Rutland County man’s unique motorcycle collection to hit the auction block
RUTLAND, Vt. (WCAX) - A former Rutland County man’s vintage motorcycle collection is going on the auction block this weekend. Olivia Lyons got a sneak peek at the rare items up for sale.
Bob Bearor was known for his fishing derbies and farm stand in the town of Chittenden. But what many people didn’t know about was his collection of 54 Indian Motorcycles and frames in his barns, the extent of which was only discovered after he died in 2019.
“A lot of this was stuff that he enjoyed, but a lot of the Indian stuff came from Mr. Flynn’s dealership in Bennington, Vermont,” said Yvette Vanderbrink with Vanderbrink Auctions.
As a teen, Bearor befriended Ed Flynn, a dealer of Indian Motorcycles. When Flynn died, Bearor took care of Flynn’s wife and moved all of the motorcycles and accessories up to his house. “we found parts dating back to 1908,” Vanderbrink said.
One 1933 four-cylinder motorcycle is expected to fetch the most interest at Saturday’s auction. Back then, there were only about 1,600 made and it’s unknown how many there are left. “We sold one in Iowa last year -- did not run, the motor was stuck, and it was not complete -- and we sold that one for $56,000,” Vanderbrink said.
Sherman Derby, a collector from Williamstown, Massachusetts, who has restored Indian Motorcycles for about 35 years, is among those looking to make a bid. “I have a 30 bike Indian collection and it’s nowhere as near as large as this collection. This is the largest collection I have ever seen,” he said.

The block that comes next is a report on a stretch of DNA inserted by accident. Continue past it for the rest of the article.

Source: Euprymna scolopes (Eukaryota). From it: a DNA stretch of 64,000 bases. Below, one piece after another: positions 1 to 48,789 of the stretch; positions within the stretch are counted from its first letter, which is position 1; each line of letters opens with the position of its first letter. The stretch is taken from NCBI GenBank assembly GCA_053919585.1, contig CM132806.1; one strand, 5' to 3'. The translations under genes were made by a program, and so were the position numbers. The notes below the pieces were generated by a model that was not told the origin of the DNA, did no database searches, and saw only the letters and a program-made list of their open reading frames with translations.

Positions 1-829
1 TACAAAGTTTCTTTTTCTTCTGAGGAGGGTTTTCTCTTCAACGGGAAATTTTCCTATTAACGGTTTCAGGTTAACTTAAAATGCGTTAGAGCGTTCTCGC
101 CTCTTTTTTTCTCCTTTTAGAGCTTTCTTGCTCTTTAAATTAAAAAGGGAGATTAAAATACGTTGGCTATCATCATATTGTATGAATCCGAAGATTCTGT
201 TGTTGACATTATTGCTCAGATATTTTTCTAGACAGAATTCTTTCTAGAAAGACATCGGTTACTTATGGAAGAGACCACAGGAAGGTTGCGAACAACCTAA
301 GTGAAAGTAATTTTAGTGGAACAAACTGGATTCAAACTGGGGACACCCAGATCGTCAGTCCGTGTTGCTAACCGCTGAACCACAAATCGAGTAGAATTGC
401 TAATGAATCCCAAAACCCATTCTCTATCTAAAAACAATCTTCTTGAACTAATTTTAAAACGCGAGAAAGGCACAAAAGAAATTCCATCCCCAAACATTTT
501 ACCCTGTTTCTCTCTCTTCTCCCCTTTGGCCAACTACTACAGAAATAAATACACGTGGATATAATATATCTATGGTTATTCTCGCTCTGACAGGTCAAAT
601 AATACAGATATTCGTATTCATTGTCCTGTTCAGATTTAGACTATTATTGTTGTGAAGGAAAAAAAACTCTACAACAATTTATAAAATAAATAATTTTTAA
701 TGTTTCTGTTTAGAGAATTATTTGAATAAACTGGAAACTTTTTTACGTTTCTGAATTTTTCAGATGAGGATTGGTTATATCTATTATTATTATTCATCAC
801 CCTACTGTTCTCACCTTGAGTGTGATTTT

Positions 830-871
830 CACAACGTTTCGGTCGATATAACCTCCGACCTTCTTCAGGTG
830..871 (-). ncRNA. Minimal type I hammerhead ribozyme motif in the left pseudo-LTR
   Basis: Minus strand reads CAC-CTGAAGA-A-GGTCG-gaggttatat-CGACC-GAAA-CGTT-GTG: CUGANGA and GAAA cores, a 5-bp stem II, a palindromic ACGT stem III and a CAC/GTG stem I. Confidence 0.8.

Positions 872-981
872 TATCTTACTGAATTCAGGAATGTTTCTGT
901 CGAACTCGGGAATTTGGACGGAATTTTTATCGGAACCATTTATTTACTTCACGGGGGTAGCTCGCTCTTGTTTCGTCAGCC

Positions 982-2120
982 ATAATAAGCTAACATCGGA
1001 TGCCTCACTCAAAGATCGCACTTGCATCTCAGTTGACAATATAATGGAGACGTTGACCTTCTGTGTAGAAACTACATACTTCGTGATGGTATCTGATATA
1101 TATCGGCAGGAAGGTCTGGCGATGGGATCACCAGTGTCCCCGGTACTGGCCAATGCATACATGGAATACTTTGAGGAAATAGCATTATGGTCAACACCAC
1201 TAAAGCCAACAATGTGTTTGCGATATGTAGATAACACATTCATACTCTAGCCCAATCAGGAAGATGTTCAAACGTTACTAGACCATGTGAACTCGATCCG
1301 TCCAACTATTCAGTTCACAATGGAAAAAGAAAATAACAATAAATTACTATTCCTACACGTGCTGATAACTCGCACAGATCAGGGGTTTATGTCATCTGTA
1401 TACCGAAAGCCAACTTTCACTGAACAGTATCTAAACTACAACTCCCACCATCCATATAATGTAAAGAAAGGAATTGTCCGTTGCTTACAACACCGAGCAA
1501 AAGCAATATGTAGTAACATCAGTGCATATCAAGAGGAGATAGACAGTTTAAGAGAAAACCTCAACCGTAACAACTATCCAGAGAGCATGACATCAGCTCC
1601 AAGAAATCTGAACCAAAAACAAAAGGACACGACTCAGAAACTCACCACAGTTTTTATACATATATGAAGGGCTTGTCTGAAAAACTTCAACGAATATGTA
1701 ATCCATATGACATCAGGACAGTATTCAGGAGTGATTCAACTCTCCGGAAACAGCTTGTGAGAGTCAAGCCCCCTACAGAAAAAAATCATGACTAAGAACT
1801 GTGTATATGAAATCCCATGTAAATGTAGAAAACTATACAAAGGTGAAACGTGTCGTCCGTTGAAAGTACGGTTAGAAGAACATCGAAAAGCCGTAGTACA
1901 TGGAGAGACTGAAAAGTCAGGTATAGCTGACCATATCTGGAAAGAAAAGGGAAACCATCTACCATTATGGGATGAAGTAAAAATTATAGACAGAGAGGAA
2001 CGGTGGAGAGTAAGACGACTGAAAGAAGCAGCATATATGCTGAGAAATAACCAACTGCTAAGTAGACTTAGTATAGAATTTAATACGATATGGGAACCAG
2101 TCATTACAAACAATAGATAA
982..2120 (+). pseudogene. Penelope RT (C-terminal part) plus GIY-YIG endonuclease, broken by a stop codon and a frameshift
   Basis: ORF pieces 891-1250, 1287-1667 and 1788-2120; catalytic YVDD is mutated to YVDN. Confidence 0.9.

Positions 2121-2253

It’s not all motorcycles and parts. There are also tractors, bicycles, signs, racing uniforms, and old cars up for bid. “Back to the Future” fans can also take a shot at owning a Delorean.
Vanderbrink says a can of Indian penetrating oil will go for $200 alone.
“The amount of stuff, untouched, un-earthed, like these pre-historic rusty carcasses there,” said Joe Sharp, who drove 12-hours from southern Ohio to attend the auction. “A fella like me is going to have a hard time buying anything because this is worldwide on the internet -- you’ve got those bidders to contend with. And I look around and there are all the ‘experts’ in the field are here.”
Because the auction is in-person and online, over 400 people had already registered to bid by Friday morning. “All over the United States and the world that are interested in this auction. It’s a lot of very rare stuff,” Vanderbrink said.
The auction begins at 9 a.m. at the Vermont State Fair on Saturday.
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